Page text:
We work at the interface of quantum optics, condensed-matter physics, electrical engineering and materials science to create novel quantum devices, with the dual goals to investigate the fundamental physics of quantum phenomena in condensed-matter systems and to develop applications to secure quantum networking and nanoscale quantum sensing.

To reach our goals we study a variety of solid-state quantum systems, including  crystal defects in diamond or SiC,  III-V self-assembled quantum dots, two-dimensional semiconductors, or rare earth ions doped into insulating materials. The quantum devices we develop integrate sophisticated photonic functionalities, to enhance photon extraction and manipulation, and electronics, to carefully control the electrical environment of our qubits. For some applications, we also equip our quantum devices with self-optimisation capabilities, drawing from real-time machine learning and Bayesian estimation algorithms.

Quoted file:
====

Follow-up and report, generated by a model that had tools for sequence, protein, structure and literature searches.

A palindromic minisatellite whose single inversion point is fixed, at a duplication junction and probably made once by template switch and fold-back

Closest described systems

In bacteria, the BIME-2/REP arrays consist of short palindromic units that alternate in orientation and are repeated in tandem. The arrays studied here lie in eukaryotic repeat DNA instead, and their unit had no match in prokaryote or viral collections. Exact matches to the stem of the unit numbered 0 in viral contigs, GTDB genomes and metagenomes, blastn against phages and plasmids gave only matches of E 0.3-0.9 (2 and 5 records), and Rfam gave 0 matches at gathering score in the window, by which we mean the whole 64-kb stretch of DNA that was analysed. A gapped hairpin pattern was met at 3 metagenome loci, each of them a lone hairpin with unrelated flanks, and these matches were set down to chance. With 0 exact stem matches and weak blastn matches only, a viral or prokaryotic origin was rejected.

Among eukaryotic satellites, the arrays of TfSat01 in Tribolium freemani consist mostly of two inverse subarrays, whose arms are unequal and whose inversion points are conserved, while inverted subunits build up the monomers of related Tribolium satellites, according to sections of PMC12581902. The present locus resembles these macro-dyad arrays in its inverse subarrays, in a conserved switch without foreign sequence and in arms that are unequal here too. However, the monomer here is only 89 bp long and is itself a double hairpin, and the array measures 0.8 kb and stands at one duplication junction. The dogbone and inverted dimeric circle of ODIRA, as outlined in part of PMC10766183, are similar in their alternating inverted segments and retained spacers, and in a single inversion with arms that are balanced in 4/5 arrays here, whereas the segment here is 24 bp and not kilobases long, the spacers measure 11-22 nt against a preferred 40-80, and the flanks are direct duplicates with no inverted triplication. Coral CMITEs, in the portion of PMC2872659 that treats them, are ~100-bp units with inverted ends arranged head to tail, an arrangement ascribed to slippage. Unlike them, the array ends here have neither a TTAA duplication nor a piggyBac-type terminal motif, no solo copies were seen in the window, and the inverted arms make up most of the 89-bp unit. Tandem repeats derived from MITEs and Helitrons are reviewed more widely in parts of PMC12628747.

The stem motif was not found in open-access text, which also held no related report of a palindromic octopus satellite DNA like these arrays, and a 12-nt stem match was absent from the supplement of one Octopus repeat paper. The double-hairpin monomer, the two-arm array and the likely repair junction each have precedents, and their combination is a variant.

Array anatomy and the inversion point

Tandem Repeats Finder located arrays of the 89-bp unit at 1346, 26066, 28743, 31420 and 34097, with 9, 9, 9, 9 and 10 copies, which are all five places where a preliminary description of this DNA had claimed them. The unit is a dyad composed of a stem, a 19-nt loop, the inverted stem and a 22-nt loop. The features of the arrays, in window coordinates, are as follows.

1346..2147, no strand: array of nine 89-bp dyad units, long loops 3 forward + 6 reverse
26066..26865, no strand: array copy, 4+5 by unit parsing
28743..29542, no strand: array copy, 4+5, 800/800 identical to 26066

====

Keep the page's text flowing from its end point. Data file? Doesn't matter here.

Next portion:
Our devices find applications in quantum networking, with the development of high-quality single photon sources, quantum memories and quantum repeaters. We are also very interested in quantum sensing, in particular in the use of individual electronic spins as magnetic sensors with nanoscale spatial resolution, and their application to investigate the physics of novel quantum materials. Some of our devices provide a tunable platform to perform quantum simulations of condensed-matter systems, such as the Hubbard model, giving us insights into fascinating fundamental quantum phenomena.

Our group takes great pride in developing custom experimental instrumentation, from high-throughput optical microscopes to study single emitters, to sophisticated electronics embedding real-time capabilities to create microwave pulses with controlled amplitude/phase for spin control. Our research requires us to develop high-performance computer code for experiment control, data acquisition and to develop numerical simulations of the physical systems we are investigating.